“I could have been an American citizen living in Aurora.”

Given the robust, multi-cultured society that helps define the City of Lights, those aren’t exactly words that get accompanied by parades and noisemakers.

But when they’re spoken by the Ambassador of Luxembourg to the United States of America, well, two city blocks filled with people fall silent.

Such was the case last week inside the Early Streets Museum at Blackberry Farm, where assembled guests and dignitaries welcomed Dr. Gaston Stronck, the Luxembourg Ambassador to the U.S. since 2019, to the Fox Valley.

Hosted by “local Luxembourgers” Jim Michels and Jeff Reuland, Stronck greeted around 50 invited guests inside Blackberry’s Early Streets Museum, near the “intersection” of Main Street and Stolp Avenue. It’s right there at Blackberry Farm, where the bronze bust and replica office of Dr. Bernard Cigrand honors the Luxembourger dentist, who maintained a prominent practice here in the early 20th century.

Stronck told assembled guests that his great-grandfather emigrated from Luxembourg in the 19th century to Aurora, where he found good work and a home, before returning to his homeland 20 years later when his youngest sister died, never to return. As such, Stronck was eventually born in 1957 in the canton of Echternach – in eastern Luxembourg – not the second-largest city in Illinois.

“We Luxembourgers, we’re very proud to have a relationship with the United States for a number of reasons,” Stronk said. “We were very poor as a country and looking for different perspectives in the 19th century – and the United States offered us a future. We’re very grateful for that.”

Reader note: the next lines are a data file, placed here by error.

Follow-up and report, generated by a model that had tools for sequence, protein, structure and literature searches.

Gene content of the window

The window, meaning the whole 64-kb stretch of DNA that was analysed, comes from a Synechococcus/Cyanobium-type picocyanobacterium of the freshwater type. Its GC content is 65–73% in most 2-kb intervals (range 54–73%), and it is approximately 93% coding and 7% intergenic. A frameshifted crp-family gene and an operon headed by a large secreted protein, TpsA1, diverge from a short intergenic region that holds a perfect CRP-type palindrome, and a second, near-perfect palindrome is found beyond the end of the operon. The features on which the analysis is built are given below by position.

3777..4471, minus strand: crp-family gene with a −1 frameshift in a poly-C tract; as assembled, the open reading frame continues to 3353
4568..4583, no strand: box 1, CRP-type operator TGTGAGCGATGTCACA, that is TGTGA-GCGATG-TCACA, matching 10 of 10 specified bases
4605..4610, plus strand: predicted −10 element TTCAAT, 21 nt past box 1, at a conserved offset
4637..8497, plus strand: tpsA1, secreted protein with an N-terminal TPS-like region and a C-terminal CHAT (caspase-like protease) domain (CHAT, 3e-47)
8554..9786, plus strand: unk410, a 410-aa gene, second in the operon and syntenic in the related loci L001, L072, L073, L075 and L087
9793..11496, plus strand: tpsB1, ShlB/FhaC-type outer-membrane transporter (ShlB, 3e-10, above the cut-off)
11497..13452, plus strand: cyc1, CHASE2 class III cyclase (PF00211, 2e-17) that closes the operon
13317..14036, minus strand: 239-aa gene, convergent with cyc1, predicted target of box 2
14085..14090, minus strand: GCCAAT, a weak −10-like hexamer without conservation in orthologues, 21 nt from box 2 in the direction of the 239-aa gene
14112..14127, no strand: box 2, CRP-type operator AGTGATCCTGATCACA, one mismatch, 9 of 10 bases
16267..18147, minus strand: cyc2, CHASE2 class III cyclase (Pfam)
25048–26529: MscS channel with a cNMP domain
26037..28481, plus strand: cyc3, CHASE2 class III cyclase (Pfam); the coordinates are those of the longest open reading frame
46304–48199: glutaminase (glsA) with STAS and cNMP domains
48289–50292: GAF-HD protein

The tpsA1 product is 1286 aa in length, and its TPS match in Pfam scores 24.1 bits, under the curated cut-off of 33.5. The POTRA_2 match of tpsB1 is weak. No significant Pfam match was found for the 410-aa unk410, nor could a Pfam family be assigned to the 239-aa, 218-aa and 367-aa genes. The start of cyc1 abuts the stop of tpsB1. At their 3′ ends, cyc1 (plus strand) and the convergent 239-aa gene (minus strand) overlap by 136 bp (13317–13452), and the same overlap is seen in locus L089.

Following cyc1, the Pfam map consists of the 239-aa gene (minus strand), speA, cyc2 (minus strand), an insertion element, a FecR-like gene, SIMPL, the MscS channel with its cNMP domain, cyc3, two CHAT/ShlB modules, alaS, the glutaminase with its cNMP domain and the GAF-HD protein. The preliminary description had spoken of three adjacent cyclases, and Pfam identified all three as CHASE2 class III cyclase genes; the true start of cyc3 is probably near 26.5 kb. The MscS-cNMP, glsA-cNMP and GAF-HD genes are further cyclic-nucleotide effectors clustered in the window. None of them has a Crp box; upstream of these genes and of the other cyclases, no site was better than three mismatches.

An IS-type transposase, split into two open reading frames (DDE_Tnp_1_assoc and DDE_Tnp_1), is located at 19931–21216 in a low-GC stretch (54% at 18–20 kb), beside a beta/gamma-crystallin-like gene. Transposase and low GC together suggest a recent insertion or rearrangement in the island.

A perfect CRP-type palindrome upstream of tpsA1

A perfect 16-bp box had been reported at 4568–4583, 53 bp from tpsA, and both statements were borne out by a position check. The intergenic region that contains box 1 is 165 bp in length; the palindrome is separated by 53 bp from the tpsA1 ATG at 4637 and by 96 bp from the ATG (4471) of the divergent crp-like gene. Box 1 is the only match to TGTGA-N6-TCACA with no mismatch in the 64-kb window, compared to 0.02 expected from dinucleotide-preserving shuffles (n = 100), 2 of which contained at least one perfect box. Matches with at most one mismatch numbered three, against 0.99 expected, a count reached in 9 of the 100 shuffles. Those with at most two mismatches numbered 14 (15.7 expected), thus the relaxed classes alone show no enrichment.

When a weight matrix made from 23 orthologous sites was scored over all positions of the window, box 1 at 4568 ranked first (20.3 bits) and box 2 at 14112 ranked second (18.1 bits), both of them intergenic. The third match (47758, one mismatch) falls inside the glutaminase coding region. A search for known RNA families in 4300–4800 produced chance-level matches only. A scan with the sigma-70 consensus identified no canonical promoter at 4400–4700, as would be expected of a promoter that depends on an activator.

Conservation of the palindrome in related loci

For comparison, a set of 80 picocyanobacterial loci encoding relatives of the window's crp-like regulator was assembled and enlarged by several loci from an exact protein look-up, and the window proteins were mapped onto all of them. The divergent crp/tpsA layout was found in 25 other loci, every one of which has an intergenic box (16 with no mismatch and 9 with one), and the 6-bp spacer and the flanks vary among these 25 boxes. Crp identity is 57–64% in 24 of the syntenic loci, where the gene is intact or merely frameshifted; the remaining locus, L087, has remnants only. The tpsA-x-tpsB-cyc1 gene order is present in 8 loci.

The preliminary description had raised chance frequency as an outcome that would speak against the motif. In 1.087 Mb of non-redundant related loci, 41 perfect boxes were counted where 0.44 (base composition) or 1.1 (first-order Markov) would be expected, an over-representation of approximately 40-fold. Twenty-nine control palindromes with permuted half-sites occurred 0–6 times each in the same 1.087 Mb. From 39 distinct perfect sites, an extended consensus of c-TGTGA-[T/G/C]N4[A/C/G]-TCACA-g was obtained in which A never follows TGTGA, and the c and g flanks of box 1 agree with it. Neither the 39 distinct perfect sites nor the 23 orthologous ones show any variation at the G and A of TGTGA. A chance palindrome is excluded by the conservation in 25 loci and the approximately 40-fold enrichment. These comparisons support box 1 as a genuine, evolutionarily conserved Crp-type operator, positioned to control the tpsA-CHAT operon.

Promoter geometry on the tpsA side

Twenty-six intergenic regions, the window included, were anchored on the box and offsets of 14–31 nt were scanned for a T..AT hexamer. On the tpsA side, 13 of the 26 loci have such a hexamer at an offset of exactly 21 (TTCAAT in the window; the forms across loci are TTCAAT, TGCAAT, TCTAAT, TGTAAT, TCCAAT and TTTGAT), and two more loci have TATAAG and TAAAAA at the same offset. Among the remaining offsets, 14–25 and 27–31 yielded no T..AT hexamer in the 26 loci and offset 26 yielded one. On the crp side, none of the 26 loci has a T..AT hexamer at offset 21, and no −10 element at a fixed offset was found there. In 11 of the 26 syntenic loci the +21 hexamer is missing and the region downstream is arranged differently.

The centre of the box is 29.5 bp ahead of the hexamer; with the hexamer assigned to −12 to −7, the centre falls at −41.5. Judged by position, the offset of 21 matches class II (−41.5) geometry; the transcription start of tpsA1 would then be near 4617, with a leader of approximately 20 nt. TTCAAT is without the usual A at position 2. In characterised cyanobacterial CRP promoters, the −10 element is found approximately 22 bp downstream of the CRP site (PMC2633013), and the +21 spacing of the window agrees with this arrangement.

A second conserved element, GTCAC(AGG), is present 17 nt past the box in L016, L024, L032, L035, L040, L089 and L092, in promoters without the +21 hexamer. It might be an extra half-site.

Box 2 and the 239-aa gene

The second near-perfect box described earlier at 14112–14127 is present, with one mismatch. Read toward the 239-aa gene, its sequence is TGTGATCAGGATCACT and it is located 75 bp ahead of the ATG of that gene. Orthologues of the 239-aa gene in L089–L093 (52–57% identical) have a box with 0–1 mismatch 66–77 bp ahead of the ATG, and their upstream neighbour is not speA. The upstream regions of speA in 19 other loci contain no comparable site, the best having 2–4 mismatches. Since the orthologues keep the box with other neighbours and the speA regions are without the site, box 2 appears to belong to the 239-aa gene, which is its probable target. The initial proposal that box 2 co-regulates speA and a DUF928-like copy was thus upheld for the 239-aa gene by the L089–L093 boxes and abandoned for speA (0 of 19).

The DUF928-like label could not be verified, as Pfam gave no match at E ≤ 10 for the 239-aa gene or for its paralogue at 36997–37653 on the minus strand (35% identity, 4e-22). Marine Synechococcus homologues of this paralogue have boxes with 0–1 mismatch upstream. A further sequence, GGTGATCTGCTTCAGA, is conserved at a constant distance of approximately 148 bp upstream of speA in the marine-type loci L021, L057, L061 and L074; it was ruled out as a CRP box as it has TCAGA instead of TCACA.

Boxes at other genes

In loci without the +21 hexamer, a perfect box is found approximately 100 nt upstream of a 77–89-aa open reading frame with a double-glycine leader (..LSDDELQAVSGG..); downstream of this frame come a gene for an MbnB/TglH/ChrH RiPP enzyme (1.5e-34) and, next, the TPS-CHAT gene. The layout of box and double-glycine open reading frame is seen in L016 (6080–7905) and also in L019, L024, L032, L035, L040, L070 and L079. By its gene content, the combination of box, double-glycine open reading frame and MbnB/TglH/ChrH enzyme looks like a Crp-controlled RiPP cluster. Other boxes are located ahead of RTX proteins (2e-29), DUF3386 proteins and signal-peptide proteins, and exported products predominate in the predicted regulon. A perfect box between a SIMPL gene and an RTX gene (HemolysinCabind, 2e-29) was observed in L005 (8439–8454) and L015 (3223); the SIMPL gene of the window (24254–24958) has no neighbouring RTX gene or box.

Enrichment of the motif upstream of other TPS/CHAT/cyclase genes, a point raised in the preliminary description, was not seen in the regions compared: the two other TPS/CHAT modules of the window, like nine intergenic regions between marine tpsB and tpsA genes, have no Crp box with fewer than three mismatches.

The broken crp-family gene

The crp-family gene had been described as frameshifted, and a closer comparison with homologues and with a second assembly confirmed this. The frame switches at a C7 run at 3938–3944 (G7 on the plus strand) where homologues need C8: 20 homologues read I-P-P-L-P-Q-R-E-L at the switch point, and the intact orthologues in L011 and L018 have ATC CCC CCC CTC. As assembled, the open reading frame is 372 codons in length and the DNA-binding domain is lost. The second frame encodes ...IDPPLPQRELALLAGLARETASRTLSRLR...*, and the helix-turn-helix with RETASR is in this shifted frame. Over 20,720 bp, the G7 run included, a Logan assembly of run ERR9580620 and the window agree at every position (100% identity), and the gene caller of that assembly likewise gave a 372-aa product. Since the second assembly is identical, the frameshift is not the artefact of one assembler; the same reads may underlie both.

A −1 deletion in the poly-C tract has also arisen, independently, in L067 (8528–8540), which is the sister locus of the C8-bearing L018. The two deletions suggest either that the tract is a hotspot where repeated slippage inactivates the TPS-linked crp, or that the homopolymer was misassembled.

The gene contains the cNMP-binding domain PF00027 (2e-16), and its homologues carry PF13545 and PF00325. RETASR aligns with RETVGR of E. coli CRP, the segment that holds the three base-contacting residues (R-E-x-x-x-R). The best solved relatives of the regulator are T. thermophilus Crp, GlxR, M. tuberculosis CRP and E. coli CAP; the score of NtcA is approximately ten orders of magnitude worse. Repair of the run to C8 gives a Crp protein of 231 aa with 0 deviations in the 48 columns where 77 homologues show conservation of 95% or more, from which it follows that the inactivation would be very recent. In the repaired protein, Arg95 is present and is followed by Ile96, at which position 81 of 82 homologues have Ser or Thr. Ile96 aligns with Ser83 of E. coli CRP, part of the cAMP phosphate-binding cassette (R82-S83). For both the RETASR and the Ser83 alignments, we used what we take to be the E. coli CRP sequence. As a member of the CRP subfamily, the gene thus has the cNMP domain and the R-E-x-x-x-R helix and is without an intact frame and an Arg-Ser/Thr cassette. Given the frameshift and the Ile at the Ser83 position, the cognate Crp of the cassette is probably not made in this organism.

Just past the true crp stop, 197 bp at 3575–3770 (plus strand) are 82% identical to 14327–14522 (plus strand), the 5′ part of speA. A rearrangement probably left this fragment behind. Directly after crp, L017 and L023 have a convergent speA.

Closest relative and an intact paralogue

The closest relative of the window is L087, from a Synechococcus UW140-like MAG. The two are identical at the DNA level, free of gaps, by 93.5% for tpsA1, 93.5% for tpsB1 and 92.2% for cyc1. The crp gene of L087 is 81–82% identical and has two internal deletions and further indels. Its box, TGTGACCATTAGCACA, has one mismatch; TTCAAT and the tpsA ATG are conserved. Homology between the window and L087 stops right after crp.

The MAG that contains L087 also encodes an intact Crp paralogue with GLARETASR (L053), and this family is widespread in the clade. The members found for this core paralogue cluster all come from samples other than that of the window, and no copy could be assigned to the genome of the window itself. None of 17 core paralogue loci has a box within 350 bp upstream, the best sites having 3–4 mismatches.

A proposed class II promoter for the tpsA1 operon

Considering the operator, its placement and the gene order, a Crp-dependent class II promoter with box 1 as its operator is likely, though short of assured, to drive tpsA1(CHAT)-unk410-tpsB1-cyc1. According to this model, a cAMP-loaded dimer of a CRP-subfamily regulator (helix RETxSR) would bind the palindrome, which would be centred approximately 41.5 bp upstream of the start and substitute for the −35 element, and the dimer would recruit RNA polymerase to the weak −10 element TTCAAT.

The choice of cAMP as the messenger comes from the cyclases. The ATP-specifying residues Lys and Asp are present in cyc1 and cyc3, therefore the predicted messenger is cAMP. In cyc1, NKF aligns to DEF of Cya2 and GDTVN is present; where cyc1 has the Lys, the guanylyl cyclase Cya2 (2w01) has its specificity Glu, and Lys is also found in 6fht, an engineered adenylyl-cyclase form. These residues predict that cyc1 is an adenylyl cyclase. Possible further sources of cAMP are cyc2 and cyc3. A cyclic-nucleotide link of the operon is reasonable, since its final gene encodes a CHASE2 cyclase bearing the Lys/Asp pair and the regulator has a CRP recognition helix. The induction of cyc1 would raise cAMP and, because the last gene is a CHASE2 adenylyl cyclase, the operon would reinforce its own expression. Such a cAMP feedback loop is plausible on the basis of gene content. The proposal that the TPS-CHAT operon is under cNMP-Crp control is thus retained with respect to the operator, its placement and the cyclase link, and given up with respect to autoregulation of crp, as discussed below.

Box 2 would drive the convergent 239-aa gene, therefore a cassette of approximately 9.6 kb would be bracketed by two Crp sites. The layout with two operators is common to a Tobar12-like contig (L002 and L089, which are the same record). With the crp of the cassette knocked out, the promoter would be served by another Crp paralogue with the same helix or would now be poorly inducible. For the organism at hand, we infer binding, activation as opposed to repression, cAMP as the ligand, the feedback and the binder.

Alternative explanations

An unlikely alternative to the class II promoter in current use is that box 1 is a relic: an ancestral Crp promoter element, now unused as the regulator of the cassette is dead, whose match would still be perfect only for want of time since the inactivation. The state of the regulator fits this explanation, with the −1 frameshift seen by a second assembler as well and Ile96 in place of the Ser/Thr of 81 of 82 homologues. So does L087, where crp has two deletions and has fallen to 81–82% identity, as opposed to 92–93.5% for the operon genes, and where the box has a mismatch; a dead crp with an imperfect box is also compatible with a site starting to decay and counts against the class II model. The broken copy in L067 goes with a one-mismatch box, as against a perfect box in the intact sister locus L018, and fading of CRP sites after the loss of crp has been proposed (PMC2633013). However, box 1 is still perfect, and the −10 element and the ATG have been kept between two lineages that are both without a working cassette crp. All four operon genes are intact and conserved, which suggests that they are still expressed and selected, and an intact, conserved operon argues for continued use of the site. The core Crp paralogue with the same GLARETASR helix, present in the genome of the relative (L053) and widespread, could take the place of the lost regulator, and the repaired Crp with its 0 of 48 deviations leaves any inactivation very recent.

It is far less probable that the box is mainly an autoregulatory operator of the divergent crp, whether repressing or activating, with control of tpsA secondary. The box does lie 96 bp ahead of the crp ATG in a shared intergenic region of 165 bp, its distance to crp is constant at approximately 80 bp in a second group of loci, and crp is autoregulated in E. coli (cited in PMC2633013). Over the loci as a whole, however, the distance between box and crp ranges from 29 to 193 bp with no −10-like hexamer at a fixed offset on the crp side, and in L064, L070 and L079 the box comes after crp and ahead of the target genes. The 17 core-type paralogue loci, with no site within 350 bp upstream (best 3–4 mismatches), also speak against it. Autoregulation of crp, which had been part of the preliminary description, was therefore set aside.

Dr. Cigrand – universally known as the founder of Flag Day, which has been celebrated annually on June 14 ever since President Woodrow Wilson proclaimed it so in 1916 – was memorialized with a bronze bust, which was donated to the Fox Valley Park District in 2002. It represents just one of three Cigrand busts in the world, one residing in the good doctor’s birthplace in Waubeka, Wisconsin, the other in Luxembourg, from which Cigrand’s grandparents emigrated. For context, Luxembourg (pop. 613,000) is just a touch smaller than Kane and Kendall counties combined.

“Cigrand was a genius,” Stronck said. “Not only was he an excellent dentist, but he had wonderful ideas, and creating this Flag Day showed his American patriotism.”

Along with Aurora residents of Luxembourger descent, of “which there are a ton,” said Reuland, the list of dignitaries to welcome Stronck included: Ethan Hastert, Honorary Consul General of Luxembourg in Illinois; Donald Hansen, Honorary Consul General of Luxembourg in Florida; Kevin Wester, the consul’s Attache for Cultural Affairs, representing Honorary Consul Mike Ansay of Wisconsin; George Jones, Grand Vice-President of the Luxembourg Brotherhood of America; and Serena Stuettgen, curator of the Luxembourg American Cultural Society.

Fox Valley Park District Executive Director Jim Pilmer and Aurora Mayor Richard C. Irvin each presented gifts to Strock to commemorate his visit to the Fox Valley, while Irvin bestowed upon Stronck the Mayor’s Award for Excellence.

“Aurora has a rich Luxembourg history that’s helped build the foundation that Aurora is today,” Irvin told the Ambasador. “When you told the story that your great-grandfather actually lived here in Aurora for all those years before returning to Luxembourg, and that you could have been a resident of Aurora, well, we look at you as family now.

“So, I want to say to you, sir: ‘Welcome home.’”